This film did the rounds of indy cinemas a few months ago, but has just turned up as part of the BBC’s Storyville series. It is worth seeing just to remind us how much the world has changed for women since the early 60s when women were repeatedly accused of acting like men for wanting a life, or for being good athletes.
There have long been debates in sport as to whether women can compete with men, but when Wimbledon tennis tournament allowed professionals to compete, this gap turned into a yawning canyon, with the men getting £2,000 if they won to women’s paltry £750. It was argued at the time that women didn’t work as hard as the men, playing the best of 3 sets versus best of 5 for the men, but to counterbalance this, more people wanted to watch the women, so they were the real draw cards. Despite the female players complaints, the men’s prizes continued to shoot ahead of those of the women, and growing numbers of tournaments refused entry to women at all, so at the height of the womens’ movement, the world of professional sport was becoming more than ever a boys’ club.
Billie Jean King, then at the height of her fame, helped organise a women only competition, which became the Virginia Slims tournament. The US tennis association threatened to ban them if they went ahead, but they had had enough, and they urged others to join them. Players like Virginia Wade and Margaret Court were unwilling to get involved, so a brave 9 women went ahead with the tour in 1970, to great success, despite the often inadequate facilities at some of the venues, claiming they would play for a single dollar to make their point.
Bobbie Riggs waded into the debate, a 55 year old former winner of all 3 crowns at Wimbledon, but long past his glory days. He wrote to all the top females, challenging them to a contest to prove men were better athletes. Only naïve Australian Margaret Court accepted, and apparently overwhelmed by all the hoopla and hype, played one of the worst games of her career, and spectacularly lost, and the red top press ad a field day, rejoicing in the alleged confirmation of male superiority. Billie Jean King had refused the challenge as she saw no point to it – if she beat a middle aged huckster, what did she gain, and if she lost it would be a disaster.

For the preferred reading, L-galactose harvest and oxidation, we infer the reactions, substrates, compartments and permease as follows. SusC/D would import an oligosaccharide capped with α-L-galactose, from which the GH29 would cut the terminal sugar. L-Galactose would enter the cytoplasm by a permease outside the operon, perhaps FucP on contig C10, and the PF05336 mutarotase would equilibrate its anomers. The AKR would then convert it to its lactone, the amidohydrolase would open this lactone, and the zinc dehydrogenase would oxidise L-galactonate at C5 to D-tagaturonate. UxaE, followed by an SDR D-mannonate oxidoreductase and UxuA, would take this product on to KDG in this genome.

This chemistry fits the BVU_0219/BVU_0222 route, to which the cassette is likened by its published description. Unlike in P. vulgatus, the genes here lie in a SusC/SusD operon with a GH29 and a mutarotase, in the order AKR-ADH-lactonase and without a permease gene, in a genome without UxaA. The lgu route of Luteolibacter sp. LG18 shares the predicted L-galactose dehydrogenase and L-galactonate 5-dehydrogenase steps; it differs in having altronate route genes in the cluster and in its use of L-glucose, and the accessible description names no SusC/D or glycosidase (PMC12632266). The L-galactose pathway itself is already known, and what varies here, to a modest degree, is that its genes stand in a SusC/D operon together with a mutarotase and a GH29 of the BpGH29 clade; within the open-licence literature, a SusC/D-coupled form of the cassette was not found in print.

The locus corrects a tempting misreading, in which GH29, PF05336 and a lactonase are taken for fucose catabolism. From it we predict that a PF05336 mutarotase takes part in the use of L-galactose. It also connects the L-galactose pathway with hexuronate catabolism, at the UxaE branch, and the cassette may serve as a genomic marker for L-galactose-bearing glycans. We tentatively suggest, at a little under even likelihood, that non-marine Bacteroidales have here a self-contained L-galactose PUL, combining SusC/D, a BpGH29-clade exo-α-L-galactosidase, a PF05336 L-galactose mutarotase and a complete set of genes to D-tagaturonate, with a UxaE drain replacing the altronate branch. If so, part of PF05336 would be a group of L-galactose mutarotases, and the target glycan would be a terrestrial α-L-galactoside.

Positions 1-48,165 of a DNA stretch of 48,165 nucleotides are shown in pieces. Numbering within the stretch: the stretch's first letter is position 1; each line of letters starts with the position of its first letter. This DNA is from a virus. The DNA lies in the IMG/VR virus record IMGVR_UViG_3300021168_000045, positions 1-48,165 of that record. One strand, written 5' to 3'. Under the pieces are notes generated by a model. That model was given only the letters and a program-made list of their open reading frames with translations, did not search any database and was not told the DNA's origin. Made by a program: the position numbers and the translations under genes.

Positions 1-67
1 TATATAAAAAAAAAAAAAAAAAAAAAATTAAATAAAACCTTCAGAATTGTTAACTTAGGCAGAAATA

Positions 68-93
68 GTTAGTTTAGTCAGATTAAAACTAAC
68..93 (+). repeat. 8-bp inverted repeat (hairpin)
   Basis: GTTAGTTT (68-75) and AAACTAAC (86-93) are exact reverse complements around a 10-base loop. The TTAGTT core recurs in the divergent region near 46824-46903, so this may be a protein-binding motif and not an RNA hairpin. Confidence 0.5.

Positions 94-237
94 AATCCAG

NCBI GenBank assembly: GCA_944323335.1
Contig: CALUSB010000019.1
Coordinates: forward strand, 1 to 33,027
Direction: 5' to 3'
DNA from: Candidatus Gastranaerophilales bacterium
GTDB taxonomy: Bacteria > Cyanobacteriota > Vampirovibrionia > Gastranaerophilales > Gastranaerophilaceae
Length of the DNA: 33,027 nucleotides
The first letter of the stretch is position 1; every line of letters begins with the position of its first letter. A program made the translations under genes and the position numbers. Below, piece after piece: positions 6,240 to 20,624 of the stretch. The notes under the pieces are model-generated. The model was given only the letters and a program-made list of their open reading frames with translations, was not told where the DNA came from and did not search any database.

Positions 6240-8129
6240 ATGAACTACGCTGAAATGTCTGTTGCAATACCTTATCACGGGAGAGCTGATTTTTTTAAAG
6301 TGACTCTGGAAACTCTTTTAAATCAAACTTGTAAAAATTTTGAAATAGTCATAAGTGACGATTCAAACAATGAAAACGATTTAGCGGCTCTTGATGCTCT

But the women’s tournament happened at the same time as huge changes in favour of women – the USA legalised abortion equal pay came in, and there were mass rallies in favour of womens’ rights. A rival womens tennis association was formed including the less political females like Chris Evert, Yvonne Goolagong and Virginia Wade instead of joining together to improve conditions. 1973 saw Bilie Jean again win Wimbledon, against the young Evert, and winning the triple crown and a secret meeting was held at the Gloucester Hotel during the tournament in which the top women players at last agreed to form what was effectively a female trade union, the Womens’ Tennis Association.
Bobby Riggs continued to taunt the women players, claiming men were becoming oppressed by the growing numbers of domineering women, so King eventually agreed to play him. It became a huge media event, to this day the most watched tennis match of all time, with venues bidding to stage it and tv coverage. King refused to be rattled by al the hype, went into near solitary training, getting her mind in shape as much as her physical training. She knew what a disaster it would be if he won again, but she beat him in 3 straight sets.
It was a huge event for the feminist cause, and Riggs disappeared though his son claims he later said, his loss had helped the womens’ cause through all the publicity.
These events, and this film, are not just about sport – it is part of the wider world of equality, as then and now, womens’ rights are interlinked with racial equality, for which women have been incredibly active foot soldiers over the centuries. The victory for King showed that women could be physically strong, rather than mere ornaments to men, and as she says, that is one of the greatest achievements. At the time of the match, she had discovered she was gay, so her marriage to her husband was coming to a painful end, but marked the start of her becoming a gay icon, so helped yet another worthwhile cause.
The film ends with a series of talking heads of many of today’s top players saying how inspirational King had been, and her battle for equal pay had made their own careers possible.
To date, tennis is the only sport where women get anything like equal pay. Sometimes sport matters more than it seems.